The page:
Lewisburg photographer's career celebrated at Campus Theatre

·3 min read

Nov. 27—LEWISBURG — Thousands of portraits produced by master photographer John Gardner were arranged carefully Friday throughout Campus Theatre in downtown Lewisburg as friends and family celebrated a career drawing to a close.

In a room built for motion pictures, Gardner's still images earned him a happy ending.

"It's not just about John Garner. The Lewisburg Studio has told stories about all of these people and shared them with everybody in the community," Gardner said in between greeting and chatting up every guest in the house. "Because of that, they've gained insight, they've gained compassion, they've gained togetherness. It's made our community more compassionate, happier, healthier and hopefully stronger."

"I'm going to be bawling my eyes out," Gardner said ahead of addressing the crowd.

That would come as no surprise to the many, many people who've come to know Gardner. He's an emotional man. That's part of his charm and it enables perhaps his best talent as a photographer: connecting with his subject.

Gardner bought the former Ross Studio and Camera Store in the 400 block of Market Street in 1980. He formally retires on Dec. 31.

He's a self-taught photographer and businessman, and he learned it all from The Lewisburg Studio. Portraiture became his calling card: weddings, senior photos, professional headshots, family pictures.

His measure as an extraordinary photographer, said longtime friend Gary Sojka, is not in Gardner's ability to shoot a photo but in his gift to capture a moment in time.

"He's just got a very special eye," said Sojka as he and his wife, Sandy, paged through books of Gardner's portraits.

There were more than a dozen such books placed throughout the theater. In the aisles were oversized prints and poster boards with news stories about The Lewisburg Studio. Photos flashed on the big screen and in every other seat for at least half the theater rested an oversized print for guests to walk by and take in.

Brad Rippon and his father, Jason, circled the theater before coming upon a portrait special to their family. In it, Dodie Lovett dressed and acted the part of a pleasantly surprised mime. She held up a picture frame, the same frame ultimately used for the print, as her then 3-year-old grandson, Rippon, sat on her lap.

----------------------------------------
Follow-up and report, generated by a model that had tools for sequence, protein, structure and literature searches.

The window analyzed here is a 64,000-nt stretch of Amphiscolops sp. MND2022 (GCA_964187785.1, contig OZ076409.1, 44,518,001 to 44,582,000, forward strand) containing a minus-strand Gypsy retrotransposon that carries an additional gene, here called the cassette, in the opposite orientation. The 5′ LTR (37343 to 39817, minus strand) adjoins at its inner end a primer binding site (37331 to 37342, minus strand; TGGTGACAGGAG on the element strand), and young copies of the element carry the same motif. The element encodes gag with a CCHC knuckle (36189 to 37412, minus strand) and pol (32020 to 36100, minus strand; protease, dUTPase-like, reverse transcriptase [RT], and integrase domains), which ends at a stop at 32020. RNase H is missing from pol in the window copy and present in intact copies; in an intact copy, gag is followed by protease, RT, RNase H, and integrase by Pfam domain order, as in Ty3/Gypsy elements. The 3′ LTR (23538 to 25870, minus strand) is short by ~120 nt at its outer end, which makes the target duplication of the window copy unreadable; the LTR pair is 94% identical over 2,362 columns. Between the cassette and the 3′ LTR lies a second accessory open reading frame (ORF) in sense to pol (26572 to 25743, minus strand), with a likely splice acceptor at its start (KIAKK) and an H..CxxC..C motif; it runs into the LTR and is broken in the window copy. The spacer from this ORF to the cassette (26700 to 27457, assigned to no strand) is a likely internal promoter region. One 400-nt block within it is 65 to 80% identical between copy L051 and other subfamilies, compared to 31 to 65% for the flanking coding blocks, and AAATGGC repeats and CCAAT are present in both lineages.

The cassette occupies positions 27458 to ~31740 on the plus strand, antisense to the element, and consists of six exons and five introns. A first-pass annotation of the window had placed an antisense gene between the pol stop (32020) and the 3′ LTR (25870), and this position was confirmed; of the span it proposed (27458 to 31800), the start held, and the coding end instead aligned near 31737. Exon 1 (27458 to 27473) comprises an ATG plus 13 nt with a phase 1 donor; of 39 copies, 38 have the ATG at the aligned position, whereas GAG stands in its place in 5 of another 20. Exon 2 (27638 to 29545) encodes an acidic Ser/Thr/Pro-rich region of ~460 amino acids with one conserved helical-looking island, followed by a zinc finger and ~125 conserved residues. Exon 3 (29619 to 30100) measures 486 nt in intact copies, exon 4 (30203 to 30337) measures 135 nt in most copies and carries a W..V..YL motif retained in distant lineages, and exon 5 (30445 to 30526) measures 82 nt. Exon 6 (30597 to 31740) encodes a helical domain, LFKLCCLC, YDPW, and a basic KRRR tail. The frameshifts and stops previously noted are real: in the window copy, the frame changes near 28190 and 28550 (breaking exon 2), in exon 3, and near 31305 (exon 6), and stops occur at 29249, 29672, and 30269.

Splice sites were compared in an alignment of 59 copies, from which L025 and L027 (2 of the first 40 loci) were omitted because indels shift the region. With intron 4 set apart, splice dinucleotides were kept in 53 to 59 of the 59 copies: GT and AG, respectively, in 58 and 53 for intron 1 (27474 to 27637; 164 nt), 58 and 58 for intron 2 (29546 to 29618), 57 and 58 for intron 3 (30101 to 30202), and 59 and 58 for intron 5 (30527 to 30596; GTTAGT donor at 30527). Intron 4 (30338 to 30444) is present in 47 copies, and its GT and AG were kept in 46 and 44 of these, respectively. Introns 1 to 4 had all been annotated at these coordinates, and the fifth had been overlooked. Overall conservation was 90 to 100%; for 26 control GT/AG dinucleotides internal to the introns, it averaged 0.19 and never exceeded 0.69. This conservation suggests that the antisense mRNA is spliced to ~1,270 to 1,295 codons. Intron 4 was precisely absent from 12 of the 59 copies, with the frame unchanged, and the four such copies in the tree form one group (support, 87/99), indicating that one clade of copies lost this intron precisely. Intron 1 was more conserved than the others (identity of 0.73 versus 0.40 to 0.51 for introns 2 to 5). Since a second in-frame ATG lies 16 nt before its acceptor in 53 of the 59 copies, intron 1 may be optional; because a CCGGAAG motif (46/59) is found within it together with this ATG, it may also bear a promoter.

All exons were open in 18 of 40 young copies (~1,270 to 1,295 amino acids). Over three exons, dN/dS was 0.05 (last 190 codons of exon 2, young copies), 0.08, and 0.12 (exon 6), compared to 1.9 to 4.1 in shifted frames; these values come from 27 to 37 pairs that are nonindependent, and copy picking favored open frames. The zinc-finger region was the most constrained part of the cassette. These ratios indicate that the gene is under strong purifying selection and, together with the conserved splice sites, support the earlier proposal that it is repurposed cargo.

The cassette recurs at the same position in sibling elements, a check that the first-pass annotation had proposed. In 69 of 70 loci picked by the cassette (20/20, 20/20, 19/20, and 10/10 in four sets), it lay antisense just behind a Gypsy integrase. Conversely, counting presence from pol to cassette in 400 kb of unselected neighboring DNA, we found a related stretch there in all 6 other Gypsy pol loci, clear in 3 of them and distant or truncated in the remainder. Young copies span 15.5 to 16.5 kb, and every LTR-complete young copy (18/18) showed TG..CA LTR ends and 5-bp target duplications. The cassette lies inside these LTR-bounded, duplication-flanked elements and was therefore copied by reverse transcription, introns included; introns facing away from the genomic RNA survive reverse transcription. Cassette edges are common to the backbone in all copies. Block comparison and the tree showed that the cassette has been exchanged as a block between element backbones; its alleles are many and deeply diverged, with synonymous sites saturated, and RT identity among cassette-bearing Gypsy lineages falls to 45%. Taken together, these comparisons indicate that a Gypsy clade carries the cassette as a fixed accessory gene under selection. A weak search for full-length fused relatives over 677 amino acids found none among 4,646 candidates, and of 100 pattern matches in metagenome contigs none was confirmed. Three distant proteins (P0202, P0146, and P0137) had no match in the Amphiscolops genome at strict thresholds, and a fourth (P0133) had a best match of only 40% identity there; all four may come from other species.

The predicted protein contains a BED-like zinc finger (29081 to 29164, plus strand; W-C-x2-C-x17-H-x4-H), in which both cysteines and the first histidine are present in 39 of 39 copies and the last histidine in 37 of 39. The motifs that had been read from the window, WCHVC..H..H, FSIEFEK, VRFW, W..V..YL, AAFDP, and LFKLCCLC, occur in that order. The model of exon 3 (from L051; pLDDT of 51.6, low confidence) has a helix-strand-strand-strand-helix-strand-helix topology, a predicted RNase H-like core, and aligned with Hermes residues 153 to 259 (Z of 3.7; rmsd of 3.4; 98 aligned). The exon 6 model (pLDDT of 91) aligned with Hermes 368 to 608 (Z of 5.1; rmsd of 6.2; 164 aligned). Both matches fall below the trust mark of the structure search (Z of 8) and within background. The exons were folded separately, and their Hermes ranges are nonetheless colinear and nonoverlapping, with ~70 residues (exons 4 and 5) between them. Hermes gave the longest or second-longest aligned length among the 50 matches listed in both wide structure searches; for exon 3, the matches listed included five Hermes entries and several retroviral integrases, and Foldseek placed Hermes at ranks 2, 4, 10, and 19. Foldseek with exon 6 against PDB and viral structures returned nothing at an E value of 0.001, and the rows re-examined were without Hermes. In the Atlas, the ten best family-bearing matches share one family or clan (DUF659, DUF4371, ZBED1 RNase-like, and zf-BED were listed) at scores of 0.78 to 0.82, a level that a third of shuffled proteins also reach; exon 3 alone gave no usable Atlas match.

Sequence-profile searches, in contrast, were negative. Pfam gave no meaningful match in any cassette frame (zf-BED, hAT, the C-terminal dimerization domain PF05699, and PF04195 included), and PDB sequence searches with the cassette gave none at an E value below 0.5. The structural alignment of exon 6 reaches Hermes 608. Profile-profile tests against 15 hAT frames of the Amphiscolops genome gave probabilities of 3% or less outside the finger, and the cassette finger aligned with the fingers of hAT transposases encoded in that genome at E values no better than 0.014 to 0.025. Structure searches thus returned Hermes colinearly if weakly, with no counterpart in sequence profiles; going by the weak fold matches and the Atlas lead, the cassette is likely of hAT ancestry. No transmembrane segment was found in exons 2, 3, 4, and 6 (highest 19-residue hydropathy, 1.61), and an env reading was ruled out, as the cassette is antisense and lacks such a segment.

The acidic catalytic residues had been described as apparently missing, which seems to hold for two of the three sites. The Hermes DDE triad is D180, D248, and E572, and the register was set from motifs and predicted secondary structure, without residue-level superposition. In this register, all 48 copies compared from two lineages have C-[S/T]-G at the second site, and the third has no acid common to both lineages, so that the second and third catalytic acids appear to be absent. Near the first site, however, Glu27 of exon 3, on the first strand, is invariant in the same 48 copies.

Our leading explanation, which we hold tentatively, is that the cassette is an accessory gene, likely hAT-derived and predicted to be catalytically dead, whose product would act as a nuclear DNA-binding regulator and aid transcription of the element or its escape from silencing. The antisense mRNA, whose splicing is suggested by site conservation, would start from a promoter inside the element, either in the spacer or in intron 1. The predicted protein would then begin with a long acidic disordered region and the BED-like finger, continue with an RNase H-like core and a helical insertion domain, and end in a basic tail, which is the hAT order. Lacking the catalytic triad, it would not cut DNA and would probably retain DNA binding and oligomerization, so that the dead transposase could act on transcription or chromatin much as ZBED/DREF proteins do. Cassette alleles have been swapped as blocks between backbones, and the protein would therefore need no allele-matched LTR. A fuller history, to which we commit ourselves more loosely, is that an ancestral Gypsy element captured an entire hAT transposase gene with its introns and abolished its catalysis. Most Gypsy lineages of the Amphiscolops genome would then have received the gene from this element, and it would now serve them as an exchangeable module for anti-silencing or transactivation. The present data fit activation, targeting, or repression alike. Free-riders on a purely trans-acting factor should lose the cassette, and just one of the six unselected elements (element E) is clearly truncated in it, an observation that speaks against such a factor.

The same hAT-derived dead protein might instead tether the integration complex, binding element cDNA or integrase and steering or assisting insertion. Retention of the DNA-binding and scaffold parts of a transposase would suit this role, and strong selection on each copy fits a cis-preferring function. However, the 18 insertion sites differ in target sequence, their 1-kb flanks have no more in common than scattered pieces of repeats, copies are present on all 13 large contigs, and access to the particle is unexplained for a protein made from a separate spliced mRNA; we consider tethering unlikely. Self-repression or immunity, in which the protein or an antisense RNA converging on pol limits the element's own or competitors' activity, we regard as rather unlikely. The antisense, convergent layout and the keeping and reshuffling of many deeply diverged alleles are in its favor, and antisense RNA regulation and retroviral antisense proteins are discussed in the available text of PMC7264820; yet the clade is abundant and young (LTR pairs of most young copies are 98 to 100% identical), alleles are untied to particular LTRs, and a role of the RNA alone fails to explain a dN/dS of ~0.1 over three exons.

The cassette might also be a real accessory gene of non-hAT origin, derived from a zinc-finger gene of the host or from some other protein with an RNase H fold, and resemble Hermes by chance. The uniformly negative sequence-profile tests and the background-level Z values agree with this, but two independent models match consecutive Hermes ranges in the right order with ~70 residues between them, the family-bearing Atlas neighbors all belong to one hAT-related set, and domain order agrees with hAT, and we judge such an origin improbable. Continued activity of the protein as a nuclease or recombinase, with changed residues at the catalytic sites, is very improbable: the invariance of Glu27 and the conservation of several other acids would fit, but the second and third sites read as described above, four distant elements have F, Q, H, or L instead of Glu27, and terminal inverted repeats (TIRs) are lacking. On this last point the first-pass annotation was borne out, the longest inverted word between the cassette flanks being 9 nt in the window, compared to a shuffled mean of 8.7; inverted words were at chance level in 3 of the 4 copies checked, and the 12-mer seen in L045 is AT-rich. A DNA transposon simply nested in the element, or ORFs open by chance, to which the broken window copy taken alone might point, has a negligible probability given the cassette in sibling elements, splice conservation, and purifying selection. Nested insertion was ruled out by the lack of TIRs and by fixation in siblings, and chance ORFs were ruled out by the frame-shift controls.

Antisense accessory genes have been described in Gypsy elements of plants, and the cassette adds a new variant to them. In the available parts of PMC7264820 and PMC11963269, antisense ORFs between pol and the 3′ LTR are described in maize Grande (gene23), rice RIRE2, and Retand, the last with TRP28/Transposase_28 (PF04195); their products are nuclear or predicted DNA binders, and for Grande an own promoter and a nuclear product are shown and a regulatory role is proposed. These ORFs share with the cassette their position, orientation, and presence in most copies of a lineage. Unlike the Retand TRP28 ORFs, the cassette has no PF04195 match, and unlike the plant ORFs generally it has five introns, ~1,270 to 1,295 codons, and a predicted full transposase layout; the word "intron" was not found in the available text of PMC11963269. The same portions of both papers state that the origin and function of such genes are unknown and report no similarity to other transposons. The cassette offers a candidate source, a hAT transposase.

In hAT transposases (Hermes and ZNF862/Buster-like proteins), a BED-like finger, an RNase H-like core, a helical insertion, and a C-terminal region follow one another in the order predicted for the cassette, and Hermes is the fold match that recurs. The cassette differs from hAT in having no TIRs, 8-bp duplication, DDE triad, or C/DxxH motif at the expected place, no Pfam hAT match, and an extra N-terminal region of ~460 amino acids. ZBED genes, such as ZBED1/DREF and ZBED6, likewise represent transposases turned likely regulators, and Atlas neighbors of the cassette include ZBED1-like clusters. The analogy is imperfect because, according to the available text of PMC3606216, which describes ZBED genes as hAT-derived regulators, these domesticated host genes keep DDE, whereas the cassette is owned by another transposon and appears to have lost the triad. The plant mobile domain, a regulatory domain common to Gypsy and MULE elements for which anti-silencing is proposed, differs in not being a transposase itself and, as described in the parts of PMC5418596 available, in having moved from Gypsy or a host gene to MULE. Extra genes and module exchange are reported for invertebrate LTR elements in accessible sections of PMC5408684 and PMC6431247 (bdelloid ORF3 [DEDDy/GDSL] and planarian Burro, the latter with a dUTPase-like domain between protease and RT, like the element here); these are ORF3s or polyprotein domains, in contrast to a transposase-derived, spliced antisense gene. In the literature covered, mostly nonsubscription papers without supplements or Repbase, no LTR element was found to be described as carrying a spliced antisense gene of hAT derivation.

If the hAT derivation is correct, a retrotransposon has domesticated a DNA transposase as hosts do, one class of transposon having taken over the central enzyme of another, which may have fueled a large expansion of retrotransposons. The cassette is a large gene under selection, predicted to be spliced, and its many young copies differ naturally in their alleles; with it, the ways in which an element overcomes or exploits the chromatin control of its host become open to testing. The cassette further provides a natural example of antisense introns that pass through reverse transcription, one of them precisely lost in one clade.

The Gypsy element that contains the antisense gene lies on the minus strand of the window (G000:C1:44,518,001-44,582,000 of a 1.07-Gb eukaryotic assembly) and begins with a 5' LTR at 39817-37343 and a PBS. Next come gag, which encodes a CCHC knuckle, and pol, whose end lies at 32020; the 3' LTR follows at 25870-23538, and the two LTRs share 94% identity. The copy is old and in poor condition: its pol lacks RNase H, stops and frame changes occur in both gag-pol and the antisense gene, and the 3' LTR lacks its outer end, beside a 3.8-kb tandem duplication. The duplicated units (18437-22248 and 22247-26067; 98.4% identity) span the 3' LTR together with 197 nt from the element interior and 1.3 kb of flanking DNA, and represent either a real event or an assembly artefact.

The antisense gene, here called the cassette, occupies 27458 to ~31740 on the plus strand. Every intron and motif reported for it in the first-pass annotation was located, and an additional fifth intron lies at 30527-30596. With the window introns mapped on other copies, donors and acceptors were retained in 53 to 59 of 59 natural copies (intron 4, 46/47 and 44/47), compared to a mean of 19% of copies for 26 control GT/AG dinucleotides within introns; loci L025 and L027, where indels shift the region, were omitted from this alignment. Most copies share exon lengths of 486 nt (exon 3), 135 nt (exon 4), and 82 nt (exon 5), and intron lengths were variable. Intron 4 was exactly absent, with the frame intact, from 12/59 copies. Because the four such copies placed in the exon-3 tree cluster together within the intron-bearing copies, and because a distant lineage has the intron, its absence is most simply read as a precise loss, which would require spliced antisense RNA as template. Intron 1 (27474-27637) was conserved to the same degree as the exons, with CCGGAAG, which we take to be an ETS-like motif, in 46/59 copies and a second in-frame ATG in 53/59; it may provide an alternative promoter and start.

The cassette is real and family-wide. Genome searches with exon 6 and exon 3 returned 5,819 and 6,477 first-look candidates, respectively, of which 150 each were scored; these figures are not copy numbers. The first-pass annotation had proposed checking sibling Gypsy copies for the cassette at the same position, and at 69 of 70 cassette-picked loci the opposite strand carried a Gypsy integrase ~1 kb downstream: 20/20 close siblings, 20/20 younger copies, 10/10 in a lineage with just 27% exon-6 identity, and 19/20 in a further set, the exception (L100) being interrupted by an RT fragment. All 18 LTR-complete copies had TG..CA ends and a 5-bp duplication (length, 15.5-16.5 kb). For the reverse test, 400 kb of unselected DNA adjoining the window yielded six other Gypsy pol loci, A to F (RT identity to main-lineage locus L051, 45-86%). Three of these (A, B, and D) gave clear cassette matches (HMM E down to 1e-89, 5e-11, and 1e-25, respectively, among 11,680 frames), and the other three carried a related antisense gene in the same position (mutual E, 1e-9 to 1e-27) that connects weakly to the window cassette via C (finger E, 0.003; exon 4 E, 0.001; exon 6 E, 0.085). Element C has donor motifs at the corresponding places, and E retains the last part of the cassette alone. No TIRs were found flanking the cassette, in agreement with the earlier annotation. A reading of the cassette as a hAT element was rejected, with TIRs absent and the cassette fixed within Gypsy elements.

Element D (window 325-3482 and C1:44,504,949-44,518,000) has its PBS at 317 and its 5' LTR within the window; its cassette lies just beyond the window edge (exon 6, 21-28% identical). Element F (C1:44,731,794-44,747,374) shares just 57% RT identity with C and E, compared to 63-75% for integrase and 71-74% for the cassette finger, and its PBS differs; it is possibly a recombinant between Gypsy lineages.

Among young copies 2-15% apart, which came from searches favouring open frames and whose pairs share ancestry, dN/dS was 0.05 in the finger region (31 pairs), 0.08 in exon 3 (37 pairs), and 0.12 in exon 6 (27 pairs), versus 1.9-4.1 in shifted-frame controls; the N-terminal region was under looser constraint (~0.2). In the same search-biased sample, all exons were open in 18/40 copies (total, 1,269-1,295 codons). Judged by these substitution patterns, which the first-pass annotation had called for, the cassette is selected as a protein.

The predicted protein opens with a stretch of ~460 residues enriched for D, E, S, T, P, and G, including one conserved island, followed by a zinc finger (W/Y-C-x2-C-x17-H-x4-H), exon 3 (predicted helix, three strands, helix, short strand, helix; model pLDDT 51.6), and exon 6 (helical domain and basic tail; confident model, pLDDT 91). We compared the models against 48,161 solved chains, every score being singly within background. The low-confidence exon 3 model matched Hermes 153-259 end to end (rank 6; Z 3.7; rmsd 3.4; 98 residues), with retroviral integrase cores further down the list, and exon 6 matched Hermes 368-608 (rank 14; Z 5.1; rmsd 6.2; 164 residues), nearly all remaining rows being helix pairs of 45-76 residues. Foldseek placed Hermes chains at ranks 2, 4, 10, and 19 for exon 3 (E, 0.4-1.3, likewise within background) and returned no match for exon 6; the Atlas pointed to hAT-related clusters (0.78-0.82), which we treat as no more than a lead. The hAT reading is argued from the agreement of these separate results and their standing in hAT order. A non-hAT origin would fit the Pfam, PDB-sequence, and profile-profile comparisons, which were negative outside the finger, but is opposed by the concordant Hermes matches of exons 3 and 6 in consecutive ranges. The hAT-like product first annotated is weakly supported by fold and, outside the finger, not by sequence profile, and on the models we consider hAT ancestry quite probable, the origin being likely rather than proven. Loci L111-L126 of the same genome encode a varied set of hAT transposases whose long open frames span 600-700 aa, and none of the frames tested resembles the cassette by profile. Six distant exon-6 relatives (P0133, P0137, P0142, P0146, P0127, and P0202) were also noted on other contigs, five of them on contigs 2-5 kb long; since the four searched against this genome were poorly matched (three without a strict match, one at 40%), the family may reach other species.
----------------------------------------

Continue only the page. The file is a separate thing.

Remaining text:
"He was giving me Smarties," said Rippon, now 24, of Gardner using candy to help him relax and pose.

"He took my senior pictures back in high school," added Jason Rippon.

Susan Wulczyn, of Chicago, has a family portrait shot by Gardner a dozen years or so ago. Like the Sojkas, she paged through books of Gardner's works. And, like many people who came to Campus Theatre on Friday, she spoke of his friendliness and caring.

"I know him most as a friend and he's just a great person," Wulczyn said.

Sabra Karr motioned to the theater screen where her headshot had popped up. Gardner took the professional photo. He shot a portrait of her when she was a kid, too.

"He was always a character," Karr said of his personality. "The sense of humor, it was quick and easy. He had a great way of making you feel relaxed."

Gardner maintained that charm Friday as he worked the room. He shook hands, shared hugs, asked to see behind a few face masks to be certain who he was speaking with.

A pianist plinked the theater's piano. The classic song "What a Wonderful World" was among the selections. As it played, Gardner chatted and smiled, focused only on those in front of him just as he's done the past 41 years, only on this night he did it without a camera in hand.

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